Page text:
Treasure island

Treasure island

say Seychelles

Treasure island

Ultimately, it was the memory of vivid colours we took back after a six-night stay in the dreamy archipelago of Seychelles in the Indian Ocean. The almost unearthly blues and greens of the ocean, fringed by slashes of white or champagne-coloured beaches; the dash of cobalt-blue and red on a plump Blue Pigeon; the fluorescent green of a gecko slithering on a brown tree trunk; the long purple tail of a paradise flycatcher blowing in the wind as it flew from treetop to treetop; the beautiful cocoa-coloured locals sashaying rather than walking. Was this land for real? Or was it air-brushed by a skillful divine hand?

This is where Britain’s royal couple William and Kate had honeymooned and, more recently, George Clooney and his new bride, Amal Alamuddin, had vacationed after swearing till-death-do-us-part. Brad Pitt and Angelina Jolie had ambled down the beaches here in search of the full-stop seclusion that lovers and celebrities seek. Yes, love comes easily on these 115 granite-and-coral islands, where you feel marooned from a world of struggle and strife, as though adrift in a sea of yesteryears.

The air thrummed with mystery as we landed at Mahé International Airport (in eastern Mahé) after a four-and-a-half-hour flight from India. We had heard tales of hidden treasures and the exploits of the 18th-century pirate La Buse, who had hidden his ill-gotten spoils so effectively somewhere in the island that even after 300 years, the cache (which included a solid seven-foot gold cross studded with diamonds called the Fiery Cross of Goa) has not been found.

Buzz around town
We drove from the airport towards northeast to reach our hotel that was located on the beach of Beau Vallon. It was in a celebratory mode as a local marathon was on. From our room we could see a cream-coloured swathe of beach dotted with families that picnicked, car stereos that blared as kids swam, bobbing like brown corks in the ocean, while sweaty runners sprinted past. An impromptu local market had sprung up along the quay and did brisk business with grilled snacks.

An amble in the posh part of the town yielded glimpses of sloping, red-tile roofed bungalows that glowed in the lee of verdant hills and open-sided restaurants that served the catch of the day. Dive centres offered snorkelling, diving, sailing and other motorised sports that are only allowed in Mahé; some were one-man/woman outposts located under colourful beach umbrellas.

Seychelles’s facets were enchanting as the island-nation revealed its secrets slowly, as though conscious of the fact that its jaw-dropping beauty could not be exposed at once.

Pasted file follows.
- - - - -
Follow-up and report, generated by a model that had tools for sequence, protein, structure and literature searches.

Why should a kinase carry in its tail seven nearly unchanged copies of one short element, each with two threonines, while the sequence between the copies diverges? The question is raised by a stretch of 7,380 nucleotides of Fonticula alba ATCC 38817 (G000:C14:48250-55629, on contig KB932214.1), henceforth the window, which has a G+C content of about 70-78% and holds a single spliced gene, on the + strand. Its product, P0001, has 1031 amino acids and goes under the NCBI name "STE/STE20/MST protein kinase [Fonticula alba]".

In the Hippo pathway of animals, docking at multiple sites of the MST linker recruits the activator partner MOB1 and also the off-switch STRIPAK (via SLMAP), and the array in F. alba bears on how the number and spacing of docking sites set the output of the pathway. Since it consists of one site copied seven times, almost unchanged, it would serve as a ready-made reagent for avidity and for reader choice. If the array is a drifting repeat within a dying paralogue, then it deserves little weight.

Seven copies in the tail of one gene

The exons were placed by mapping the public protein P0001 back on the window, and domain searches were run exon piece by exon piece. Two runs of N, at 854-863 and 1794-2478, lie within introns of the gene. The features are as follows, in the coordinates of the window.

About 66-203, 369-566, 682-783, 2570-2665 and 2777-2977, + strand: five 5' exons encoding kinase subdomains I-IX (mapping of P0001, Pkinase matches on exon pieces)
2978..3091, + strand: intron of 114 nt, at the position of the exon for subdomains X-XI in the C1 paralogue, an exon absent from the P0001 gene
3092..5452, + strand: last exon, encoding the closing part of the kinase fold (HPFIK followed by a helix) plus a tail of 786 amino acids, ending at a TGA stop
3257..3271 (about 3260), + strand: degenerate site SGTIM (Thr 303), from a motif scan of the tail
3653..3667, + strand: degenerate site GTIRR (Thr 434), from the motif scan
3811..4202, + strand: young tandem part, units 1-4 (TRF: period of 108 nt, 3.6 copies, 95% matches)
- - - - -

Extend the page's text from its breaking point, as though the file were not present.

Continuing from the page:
Next, we ferried towards the island of Praslin, lying 40 km northeast of Mahé. We clambered up the Pirate’s Trail, where we stumbled upon an 18th-century stone oven and artefacts like a cannon ball, a rifle and a small treasure chest that are believed to have belonged to the dashing buccaneer La Buse or his ilk.

Praslin has the breathtaking beauty of a coy bride — its beaches like the Grand Anse and Anse Lazio have a Robinson Crusoe feel. Only 7,000 people live in Praslin, which is the country’s second largest landmass. (The total population of Seychelles is 90,000.) Praslin’s showpiece attraction that we visited next morning was the UNESCO World Heritage site, Vallée de Mai (a valley in the heart of Praslin National Park), where the erotically shaped, double-lobed coco de mer (sea coconut) grows within a luxuriant palm forest. The oldest coco de mer palm tree here is 400 years old. As we held one in our sagging arms, we were told that it’s the largest seed in the plant kingdom and weighs around 25 kg. A single fruit costs nothing less that US$ 300.

Untouched La Digue
When in Seychelles, it is de rigueur to go island hopping. So we went to the car-free isle of La Digue, which lies 7 km away from Praslin. The seas were choppy that day,  and the ferry bucked like a bronco in a rodeo. The island is unspoilt with just bicycles, ox carts and a handful of pick-up trucks plying its narrow roads. Our handsome driver Alain, on spotting a camera that was left behind in his truck, drove back to return it to its owner.
At La Digue, we stayed at a guest house that was virtually sculpted into a hill. We woke up to a pearly dawn and an avian orchestra that would have inspired Italian tenor Pavarotti to break into a song. The island was our jumping-off point for excursions to the Felicite Island, the Sister or Soeur Island and the Coco Island, where we snorkelled, marvelling at the clear waters with coloured fish — the lion fish with its red markings, green-blue parrot fish, a tentacled octopus lurking in a coral cave and a manta ray floating through the sparkling waters like an alien starship.

On our last day, after we revelled in a local massage at Mahé, we dined with writer Glynn Burridge. The colourful man is a spinner of suspense tales and has written two novels set against the picturesque backdrop of Seychelles, his adopted country. He whispered to us about La Buse’s treasure and where it might be hidden, and we recalled the words of D W Winnicott (an English paediatrician and psychoanalyst), “It’s a joy to be hidden, and a disaster not to be found!”

His words could be applied to Seychelles, for many of its islands are yet-to-be discovered gems adrift in the Indian Ocean.

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